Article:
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Biotech Medicine Science

Fixing Faulty Genes On the Cheap 105

Posted by Soulskill
from the what-if-i-like-the-worn-out-look dept.
An anonymous reader sends an article about CRISPR, a system for modifying genes and moving them from cell to cell. It's notable because the cost to do so is dropping to the point where it's becoming viable to use on a patient-by-patient basis. CRISPR is one of those interesting inventions that comes, not from scientists explicitly trying to cure a disease, but from researchers trying to understand something fundamental about nature. Jennifer Doudna's research at the University of California, Berkeley has focused on how bacteria fight the flu. It turns out bacteria don't like getting flu any more than the rest of us do. Doudna says the way bacteria fight off a flu virus gave her and her colleagues an idea. Bacteria have special enzymes that can cut open the DNA of an invading virus and make a change in the DNA at the site of the cut — essentially killing the virus. Doudna and other scientists figured out how this defense system works in bacteria; that was interesting all by itself. But then they realized that they could modify these enzymes to recognize any DNA sequence, not just the DNA sequence of viruses that infect bacteria.
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Fixing Faulty Genes On the Cheap

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  • by Nutria (679911) on Friday June 27, 2014 @01:34PM (#47334417)

    a crazy Arab, will try to weaponize it.

    Hilarity will not ensue...

  • by NEDHead (1651195) on Friday June 27, 2014 @02:02PM (#47334645)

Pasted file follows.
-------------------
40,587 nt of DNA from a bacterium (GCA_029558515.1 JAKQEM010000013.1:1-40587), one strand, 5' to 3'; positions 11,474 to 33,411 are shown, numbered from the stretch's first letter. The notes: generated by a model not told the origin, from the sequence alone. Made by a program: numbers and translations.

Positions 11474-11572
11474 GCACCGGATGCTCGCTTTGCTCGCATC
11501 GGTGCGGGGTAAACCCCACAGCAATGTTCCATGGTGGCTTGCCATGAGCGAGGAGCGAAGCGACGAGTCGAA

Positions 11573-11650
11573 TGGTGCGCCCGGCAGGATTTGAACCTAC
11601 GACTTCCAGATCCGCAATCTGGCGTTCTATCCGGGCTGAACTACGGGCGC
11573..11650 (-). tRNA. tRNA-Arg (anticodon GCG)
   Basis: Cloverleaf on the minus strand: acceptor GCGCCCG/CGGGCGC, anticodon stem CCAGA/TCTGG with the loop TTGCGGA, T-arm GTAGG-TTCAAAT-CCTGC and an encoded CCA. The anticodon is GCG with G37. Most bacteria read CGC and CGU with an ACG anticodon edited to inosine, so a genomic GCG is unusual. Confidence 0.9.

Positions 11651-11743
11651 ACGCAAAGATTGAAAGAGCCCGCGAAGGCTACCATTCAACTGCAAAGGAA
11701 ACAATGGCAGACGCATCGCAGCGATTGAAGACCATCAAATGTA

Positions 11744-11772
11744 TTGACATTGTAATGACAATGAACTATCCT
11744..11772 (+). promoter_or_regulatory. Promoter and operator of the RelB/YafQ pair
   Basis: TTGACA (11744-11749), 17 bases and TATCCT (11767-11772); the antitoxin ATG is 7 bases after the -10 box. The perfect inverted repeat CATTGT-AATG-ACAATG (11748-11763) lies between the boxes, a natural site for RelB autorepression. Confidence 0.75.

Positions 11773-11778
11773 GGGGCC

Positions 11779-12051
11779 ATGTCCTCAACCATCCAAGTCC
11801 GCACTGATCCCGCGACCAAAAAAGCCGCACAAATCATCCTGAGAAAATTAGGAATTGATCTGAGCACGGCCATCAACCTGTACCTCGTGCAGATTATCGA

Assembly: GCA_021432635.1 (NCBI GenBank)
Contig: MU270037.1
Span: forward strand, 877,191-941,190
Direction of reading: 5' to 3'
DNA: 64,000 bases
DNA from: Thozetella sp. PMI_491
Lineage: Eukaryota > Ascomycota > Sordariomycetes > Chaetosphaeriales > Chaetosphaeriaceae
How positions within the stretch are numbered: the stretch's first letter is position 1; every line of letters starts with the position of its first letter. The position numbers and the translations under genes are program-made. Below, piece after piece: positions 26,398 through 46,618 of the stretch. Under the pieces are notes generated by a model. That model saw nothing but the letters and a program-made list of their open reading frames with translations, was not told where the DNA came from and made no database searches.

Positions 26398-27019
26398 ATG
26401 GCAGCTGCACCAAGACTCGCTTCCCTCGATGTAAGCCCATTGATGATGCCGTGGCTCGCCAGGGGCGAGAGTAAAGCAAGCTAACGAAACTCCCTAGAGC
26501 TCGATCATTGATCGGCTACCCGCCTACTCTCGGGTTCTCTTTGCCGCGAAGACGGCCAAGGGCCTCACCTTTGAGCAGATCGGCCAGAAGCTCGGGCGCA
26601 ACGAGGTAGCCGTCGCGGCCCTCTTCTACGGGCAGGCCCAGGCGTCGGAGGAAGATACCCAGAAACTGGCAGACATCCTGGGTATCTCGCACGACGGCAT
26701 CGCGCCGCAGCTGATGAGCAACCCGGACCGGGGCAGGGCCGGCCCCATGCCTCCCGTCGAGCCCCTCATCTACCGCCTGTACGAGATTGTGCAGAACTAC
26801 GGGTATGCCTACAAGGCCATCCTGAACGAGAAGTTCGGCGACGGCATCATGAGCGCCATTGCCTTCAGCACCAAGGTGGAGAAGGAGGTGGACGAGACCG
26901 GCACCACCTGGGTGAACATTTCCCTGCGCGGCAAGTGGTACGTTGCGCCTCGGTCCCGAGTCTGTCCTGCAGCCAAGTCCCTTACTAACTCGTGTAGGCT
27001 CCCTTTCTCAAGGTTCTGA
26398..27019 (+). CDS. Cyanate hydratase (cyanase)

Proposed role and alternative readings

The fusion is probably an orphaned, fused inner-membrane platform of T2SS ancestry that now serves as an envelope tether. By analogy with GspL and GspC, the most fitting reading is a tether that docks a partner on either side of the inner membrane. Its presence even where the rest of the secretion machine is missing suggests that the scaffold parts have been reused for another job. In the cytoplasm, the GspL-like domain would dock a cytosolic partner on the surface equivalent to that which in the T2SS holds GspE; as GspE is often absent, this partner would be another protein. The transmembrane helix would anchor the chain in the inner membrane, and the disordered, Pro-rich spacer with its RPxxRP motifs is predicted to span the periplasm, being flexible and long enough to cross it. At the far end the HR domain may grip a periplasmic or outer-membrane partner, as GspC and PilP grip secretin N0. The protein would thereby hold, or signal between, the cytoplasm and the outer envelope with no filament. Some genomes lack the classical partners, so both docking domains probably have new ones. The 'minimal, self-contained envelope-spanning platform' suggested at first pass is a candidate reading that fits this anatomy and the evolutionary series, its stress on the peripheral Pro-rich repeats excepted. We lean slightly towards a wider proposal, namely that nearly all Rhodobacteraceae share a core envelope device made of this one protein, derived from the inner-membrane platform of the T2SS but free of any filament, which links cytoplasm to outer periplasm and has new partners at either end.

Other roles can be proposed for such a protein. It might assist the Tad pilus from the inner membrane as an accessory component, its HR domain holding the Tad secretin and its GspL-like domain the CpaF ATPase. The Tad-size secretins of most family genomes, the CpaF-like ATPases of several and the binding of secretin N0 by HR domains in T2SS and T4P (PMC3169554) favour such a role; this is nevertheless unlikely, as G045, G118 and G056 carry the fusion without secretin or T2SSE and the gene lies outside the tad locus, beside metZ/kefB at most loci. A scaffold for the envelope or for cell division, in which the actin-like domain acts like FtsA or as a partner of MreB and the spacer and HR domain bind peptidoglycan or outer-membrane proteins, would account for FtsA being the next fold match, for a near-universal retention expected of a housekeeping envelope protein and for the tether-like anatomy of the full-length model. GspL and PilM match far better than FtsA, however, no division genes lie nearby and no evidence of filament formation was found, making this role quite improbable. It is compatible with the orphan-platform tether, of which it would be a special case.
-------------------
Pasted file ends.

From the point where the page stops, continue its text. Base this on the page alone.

There is some evidence that the appendix acts as a reservoir of the gut biota to repopulate when the need arises due to illness (or excessive antibiotics, etc).

  • by ShanghaiBill (739463) on Friday June 27, 2014 @03:18PM (#47335327)

    OK, smartass, what is the evolutionary advantage for stupidity?

    Smart people innovate. Dumb people follow routines because "we have always done it that way." So in a desert dwelling hunter-gather tribe enduring a drought, the smart guy innovates by digging for water and building a still. It comes up dry, and he dies of thirst. The dumb people follow the trail through the desert that their grandmother showed them decades ago, and find a waterhole.

    In an urbanized society, innovation has limited risk, and generous rewards. In a primitive society, innovation has big risks and limited reward. So people that have a long history of urbanization, such as the Chinese and Ashkenazi Jews [slashdot.org], tend to have high IQs, while the desert dwelling San Bushmen [slashdot.org] have the lowest measured. In both cases, they have adapted to the environmental conditions.

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